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The contents of the Theologische Studien Tetraglot Pentateuch, in Hebrew, Samar. und Kritiken, for January 1851, are as fol. itan, Chaldee, and Syriac. This is the title lows:-Art. I. On the Authority of majori- of a work now far advanced in the printing, ties in the Church, by Dr. Ullman: Art. II. and about to be published by Mr. Robert The Ethics of Classical Antiquity, com- Young, an enterprising bookseller in Edin. pared with those of Christianity, by Dr. burgh. We know so much of the great dif. Schaubach. (The point of comparison ficulty of gaining an adequate circulation for chosen is the Christian law, love your ene- really leamed works on Biblical criticism, mies, which is shown to have been entirely that we gladly use all our influence to further foreign to the whole life of classical anti- the efforts of our fellow-labourers in this quity): Art. III. John Denk; a contribution department of literature. This undertaking to the history of the sects in the time of the is to contain the following texts of the PenReformation: Art. IV. The Fragments of tateuch :-the Hebrew, the Chaldæa-SamarPherecydes in the Church-Fathers, by Prof. itan Version, the Chaldee Version of OnJacobi: Art. V. Examination of Rom. viü, kelos, the Peschito Syriac. These are all 18–23, by Pastor Rupprecht: Art, VI. Sur. arranged on the interlinear system, so that a vey of works contributing to a knowledge of comparison of these valuable critical helps, the Christian life of the Middle Ages, by with the Hebrew text, is obtained at a glance. Prof. Schmidt: Art. VII. Observations on We need not point out in this brief notice the present State of the Church, by Dr. the great use which may be made of such a Kienlen.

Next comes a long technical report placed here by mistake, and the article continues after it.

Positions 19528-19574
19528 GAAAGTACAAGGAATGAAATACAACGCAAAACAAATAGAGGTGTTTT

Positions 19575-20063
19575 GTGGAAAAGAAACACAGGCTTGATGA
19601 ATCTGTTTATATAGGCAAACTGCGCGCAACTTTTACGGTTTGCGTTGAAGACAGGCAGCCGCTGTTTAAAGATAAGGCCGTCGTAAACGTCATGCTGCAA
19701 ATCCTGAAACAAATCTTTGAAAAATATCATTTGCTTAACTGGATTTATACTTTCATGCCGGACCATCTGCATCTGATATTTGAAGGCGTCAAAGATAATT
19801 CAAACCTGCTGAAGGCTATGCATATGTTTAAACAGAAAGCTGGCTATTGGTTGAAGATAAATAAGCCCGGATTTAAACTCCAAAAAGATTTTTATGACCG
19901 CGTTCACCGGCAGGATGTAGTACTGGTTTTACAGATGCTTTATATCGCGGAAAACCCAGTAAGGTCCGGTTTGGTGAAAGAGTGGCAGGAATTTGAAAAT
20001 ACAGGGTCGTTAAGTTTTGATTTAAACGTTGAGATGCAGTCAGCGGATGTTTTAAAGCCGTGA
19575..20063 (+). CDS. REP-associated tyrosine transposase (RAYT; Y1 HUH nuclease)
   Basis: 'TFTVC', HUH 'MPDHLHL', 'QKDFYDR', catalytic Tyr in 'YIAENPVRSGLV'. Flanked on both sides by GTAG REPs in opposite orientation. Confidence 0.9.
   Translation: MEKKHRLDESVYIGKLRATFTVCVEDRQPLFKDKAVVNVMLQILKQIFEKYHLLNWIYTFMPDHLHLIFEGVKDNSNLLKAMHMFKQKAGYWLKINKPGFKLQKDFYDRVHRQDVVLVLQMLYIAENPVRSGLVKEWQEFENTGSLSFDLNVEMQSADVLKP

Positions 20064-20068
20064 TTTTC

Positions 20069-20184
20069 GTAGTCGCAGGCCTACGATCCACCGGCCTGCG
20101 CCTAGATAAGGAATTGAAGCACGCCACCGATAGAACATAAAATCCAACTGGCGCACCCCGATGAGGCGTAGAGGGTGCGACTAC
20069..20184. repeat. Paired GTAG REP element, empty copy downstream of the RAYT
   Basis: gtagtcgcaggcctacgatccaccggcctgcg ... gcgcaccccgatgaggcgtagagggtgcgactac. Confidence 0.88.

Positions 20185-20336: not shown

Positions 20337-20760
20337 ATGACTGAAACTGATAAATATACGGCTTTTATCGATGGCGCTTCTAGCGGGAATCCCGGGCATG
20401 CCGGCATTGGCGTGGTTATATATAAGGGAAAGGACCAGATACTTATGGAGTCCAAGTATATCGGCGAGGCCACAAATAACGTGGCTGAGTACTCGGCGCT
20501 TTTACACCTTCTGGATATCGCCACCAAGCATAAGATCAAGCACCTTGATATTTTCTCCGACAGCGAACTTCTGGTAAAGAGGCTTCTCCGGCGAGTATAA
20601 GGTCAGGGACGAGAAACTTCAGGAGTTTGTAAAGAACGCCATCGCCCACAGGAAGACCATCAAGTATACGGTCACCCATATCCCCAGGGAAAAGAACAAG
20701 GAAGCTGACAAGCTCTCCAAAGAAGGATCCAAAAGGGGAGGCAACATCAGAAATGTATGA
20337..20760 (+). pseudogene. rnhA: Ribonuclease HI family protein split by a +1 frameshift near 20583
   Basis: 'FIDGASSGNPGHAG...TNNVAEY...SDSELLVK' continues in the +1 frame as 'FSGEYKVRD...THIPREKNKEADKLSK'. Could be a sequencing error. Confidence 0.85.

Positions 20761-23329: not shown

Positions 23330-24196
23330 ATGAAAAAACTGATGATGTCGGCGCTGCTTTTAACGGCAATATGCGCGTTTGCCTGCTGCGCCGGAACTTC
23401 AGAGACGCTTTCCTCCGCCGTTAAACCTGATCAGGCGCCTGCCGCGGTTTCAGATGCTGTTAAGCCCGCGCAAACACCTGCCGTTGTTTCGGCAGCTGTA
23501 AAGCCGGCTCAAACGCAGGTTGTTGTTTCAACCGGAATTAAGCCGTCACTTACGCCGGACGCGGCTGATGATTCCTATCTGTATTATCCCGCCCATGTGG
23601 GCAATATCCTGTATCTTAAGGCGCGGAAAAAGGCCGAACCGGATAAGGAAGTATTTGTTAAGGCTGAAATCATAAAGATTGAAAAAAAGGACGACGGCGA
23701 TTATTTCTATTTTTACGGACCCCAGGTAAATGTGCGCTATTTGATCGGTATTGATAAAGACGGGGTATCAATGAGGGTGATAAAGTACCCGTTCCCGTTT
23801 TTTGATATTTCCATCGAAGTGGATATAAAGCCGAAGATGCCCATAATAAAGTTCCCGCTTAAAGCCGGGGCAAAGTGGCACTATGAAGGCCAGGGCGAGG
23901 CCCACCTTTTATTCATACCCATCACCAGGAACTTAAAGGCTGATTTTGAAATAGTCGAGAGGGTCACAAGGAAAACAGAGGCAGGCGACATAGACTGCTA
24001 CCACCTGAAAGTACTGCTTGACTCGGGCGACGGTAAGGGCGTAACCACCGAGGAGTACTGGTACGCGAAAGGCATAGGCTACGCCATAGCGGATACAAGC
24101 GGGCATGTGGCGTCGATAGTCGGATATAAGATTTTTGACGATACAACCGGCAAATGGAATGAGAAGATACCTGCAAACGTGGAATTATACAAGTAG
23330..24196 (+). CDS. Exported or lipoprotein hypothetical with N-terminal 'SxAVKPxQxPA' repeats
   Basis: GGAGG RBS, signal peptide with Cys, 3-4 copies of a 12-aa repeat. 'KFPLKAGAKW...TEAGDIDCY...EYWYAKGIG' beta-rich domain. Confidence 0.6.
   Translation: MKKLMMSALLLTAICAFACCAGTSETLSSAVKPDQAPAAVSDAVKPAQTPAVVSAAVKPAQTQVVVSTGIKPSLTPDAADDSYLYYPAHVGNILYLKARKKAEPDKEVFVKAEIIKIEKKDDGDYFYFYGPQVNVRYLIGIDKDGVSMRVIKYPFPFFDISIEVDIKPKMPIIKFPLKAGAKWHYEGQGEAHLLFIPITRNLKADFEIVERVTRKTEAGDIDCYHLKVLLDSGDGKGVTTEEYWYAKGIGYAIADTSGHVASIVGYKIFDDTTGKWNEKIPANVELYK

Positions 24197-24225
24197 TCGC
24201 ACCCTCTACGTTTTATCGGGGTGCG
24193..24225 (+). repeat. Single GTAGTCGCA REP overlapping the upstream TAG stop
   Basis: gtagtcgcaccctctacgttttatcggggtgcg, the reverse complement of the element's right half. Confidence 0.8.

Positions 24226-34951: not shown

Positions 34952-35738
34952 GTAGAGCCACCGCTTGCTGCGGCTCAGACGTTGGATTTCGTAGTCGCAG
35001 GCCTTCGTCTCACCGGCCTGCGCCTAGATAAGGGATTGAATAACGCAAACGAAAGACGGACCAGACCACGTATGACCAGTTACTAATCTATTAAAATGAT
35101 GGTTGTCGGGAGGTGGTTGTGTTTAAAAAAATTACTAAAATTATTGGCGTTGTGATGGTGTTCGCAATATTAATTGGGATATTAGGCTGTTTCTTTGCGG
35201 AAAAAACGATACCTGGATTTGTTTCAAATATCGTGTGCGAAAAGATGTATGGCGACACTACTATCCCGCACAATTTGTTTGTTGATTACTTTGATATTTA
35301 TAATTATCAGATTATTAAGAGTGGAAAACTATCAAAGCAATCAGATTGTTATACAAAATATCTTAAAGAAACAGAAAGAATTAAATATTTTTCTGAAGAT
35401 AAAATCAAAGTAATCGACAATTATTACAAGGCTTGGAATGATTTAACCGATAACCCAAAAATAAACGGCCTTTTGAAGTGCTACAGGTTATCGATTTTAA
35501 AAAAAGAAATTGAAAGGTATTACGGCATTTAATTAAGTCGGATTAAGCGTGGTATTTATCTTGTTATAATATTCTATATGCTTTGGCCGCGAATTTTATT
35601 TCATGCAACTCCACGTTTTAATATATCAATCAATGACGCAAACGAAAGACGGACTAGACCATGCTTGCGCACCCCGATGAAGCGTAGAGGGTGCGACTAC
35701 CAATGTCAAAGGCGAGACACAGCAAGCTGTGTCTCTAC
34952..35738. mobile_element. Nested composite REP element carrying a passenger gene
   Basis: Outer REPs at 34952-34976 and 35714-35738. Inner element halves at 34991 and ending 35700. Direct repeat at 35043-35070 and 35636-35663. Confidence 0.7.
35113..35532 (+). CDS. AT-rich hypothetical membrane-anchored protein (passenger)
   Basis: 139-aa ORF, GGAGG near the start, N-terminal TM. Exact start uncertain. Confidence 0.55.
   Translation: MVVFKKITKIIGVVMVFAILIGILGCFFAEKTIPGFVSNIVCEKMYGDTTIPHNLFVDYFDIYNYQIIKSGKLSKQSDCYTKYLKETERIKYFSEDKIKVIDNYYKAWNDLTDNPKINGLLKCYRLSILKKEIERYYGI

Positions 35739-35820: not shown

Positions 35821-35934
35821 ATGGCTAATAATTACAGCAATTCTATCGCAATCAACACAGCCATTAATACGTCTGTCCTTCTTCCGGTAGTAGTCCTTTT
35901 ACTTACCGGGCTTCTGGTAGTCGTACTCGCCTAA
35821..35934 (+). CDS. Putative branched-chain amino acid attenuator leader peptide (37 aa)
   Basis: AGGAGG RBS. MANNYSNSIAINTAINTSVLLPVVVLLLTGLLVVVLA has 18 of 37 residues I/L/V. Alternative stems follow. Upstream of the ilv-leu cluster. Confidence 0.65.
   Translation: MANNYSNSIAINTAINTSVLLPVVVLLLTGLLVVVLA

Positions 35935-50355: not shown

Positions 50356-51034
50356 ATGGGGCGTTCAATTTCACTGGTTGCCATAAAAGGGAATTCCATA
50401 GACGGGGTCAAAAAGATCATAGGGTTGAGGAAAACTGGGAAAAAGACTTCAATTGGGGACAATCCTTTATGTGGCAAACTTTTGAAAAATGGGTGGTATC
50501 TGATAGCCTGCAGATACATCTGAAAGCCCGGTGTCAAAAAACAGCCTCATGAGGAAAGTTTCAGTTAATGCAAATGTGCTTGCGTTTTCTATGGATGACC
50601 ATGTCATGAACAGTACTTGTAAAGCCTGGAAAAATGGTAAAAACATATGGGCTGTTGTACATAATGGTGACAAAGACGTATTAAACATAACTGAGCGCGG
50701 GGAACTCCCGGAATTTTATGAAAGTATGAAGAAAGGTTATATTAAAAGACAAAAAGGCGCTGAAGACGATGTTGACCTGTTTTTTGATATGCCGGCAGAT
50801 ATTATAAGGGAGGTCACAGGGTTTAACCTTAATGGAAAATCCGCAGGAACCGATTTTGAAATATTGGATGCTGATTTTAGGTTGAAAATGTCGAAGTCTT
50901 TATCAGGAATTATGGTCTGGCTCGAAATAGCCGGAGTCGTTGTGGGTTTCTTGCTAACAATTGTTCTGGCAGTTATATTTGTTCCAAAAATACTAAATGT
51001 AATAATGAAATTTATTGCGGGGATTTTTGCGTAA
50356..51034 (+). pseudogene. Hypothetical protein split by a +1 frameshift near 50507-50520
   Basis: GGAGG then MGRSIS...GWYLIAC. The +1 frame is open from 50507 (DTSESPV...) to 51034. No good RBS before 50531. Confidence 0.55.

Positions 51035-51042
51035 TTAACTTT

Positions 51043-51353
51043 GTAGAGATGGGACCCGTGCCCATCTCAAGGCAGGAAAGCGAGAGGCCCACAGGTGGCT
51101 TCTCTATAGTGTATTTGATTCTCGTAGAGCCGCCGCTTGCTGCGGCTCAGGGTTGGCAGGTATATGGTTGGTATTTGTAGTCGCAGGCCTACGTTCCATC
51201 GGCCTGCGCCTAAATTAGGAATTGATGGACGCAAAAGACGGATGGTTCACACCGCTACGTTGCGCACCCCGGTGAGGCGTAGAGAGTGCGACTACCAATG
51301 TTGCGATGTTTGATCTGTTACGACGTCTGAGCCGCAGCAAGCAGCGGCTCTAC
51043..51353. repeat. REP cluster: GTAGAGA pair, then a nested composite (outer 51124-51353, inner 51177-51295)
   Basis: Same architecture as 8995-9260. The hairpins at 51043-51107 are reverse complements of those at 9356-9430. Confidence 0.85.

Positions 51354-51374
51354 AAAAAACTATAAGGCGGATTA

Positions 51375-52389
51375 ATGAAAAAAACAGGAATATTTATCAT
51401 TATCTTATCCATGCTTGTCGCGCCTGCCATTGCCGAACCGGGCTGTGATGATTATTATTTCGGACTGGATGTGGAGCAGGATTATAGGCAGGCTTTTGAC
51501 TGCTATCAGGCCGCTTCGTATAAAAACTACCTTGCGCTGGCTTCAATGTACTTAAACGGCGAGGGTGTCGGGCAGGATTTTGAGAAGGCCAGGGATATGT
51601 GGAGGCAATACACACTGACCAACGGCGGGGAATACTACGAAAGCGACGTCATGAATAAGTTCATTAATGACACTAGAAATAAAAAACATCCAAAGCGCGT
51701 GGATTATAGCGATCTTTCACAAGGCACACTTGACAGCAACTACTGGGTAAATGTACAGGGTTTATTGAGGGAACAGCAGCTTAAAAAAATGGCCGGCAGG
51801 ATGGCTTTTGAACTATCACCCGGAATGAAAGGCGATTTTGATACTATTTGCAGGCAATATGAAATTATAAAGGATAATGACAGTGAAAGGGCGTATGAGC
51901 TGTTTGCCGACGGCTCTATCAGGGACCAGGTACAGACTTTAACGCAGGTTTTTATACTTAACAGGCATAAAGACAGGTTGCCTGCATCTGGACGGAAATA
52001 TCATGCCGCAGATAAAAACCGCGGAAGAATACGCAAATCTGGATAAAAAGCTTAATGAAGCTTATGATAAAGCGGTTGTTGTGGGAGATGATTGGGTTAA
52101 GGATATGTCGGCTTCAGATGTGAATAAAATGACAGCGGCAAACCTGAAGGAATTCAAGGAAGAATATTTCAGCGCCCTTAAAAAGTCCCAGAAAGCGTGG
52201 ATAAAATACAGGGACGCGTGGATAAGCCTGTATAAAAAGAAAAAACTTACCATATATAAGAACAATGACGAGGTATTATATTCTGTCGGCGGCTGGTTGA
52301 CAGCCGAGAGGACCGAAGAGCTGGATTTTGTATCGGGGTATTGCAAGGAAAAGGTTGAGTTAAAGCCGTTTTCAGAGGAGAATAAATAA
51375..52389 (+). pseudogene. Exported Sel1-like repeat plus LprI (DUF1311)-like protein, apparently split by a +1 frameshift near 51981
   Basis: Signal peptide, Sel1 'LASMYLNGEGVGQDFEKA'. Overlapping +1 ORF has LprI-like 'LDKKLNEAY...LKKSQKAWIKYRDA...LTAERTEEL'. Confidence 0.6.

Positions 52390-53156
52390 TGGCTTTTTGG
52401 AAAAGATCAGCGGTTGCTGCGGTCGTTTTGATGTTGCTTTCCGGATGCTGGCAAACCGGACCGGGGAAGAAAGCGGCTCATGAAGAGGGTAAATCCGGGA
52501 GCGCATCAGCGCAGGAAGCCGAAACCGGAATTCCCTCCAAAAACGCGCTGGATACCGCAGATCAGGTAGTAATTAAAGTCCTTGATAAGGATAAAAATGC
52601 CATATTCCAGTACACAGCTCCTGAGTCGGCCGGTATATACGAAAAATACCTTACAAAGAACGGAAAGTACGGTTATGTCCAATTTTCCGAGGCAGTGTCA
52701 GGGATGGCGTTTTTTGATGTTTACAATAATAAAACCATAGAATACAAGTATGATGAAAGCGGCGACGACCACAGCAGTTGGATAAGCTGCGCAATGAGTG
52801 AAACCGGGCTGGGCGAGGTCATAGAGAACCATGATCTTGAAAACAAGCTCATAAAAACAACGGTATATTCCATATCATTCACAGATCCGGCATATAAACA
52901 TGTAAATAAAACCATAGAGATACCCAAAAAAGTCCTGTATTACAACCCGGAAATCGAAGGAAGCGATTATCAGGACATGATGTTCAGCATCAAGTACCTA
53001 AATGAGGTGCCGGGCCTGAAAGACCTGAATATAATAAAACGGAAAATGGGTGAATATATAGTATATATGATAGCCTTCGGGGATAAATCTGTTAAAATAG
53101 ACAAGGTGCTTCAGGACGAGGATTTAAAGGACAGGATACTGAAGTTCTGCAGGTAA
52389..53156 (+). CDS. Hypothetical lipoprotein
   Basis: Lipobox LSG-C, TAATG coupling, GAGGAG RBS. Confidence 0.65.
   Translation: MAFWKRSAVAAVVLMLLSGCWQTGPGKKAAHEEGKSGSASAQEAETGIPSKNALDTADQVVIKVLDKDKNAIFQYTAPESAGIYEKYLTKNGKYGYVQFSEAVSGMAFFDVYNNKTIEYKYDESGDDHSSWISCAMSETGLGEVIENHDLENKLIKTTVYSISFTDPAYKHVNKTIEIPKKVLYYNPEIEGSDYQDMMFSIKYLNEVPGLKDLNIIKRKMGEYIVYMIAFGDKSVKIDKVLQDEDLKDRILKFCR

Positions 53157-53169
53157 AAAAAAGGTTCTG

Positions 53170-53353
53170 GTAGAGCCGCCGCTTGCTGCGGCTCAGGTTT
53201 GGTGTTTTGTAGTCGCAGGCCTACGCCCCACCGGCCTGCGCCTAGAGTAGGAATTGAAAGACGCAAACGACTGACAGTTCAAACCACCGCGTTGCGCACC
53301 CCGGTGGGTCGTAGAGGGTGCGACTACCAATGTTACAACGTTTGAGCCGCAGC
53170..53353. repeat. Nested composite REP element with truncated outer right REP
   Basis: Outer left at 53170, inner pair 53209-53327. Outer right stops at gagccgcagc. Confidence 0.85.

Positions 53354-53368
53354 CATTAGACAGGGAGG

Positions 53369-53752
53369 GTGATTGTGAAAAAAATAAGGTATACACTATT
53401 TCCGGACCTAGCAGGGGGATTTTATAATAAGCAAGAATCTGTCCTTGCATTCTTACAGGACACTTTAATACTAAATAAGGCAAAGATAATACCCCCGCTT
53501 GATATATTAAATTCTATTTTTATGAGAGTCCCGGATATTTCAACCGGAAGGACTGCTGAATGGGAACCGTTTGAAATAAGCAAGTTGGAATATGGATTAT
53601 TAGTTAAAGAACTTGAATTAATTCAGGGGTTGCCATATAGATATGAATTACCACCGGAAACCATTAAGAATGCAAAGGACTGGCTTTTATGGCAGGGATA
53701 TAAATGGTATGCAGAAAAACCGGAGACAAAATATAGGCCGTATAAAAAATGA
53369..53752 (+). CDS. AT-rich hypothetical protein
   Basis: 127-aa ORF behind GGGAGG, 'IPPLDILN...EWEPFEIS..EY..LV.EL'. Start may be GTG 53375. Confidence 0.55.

work as this, but hope to return to the subThe Journal of Sacred Literature, for Jan. ject when the first volume, to contain Geneuary, contains articles on Nineveh; the sis, is completed. Our present object is to Jansenists, and their Remnant in Holland; call the attention of our readers to the fact the Claims of the Septuagint to Biblical

that such a valuable critical help is now unand Canonical Authority; The Theory of dertaken, and that the names of subscribers Human Progression, or the Natural Proba- are solicited by the publisher. The proof bility of a reign of Justice; Letter and sheets are revised by the Rev. John DunSpirit in the Old Testament Scriptures; can, LL.D., Professor of Hebrew and OriThe Life and Times of Calvin, a review of ental languages, New College, Edinburgh." Henry's and Dyer's works; First Lessons -Kitto's Journal: in Biblical Criticism, the Canon of Scrip

Our readers may remember Dr. Whate. ture; On the Interpretation of 1 Cor. vii, ly's admirable brochure entitled “Historic 25-40; Our Lord's Discourses and Sayings, Doubts Respecting Napoleon Bonaparte,” in a Review of Dr. Brown's Exposition ;

which it was clearly shown, by a strict ap. Bloomfield's additional annotations on the plication of the principles of infidel criticism, New Testament, a pretty caustic review;

that no such person as Napoleon ever existwith Correspondence and Miscellanies.

ed. Since that pamphlet appeared, Strauss We are glad to see that Dr. Kitto, the vete.

and his followers have put the objections to ran editor of the Journal, has received a

the sacred word on somewhat different pension of £100 a year from the Civil List.

ground. The mythical theory is the favour. The eighteenth volume of Clark's Foreign ite weapon of the latest form of scepticism, Theological Library, includes Hävernick's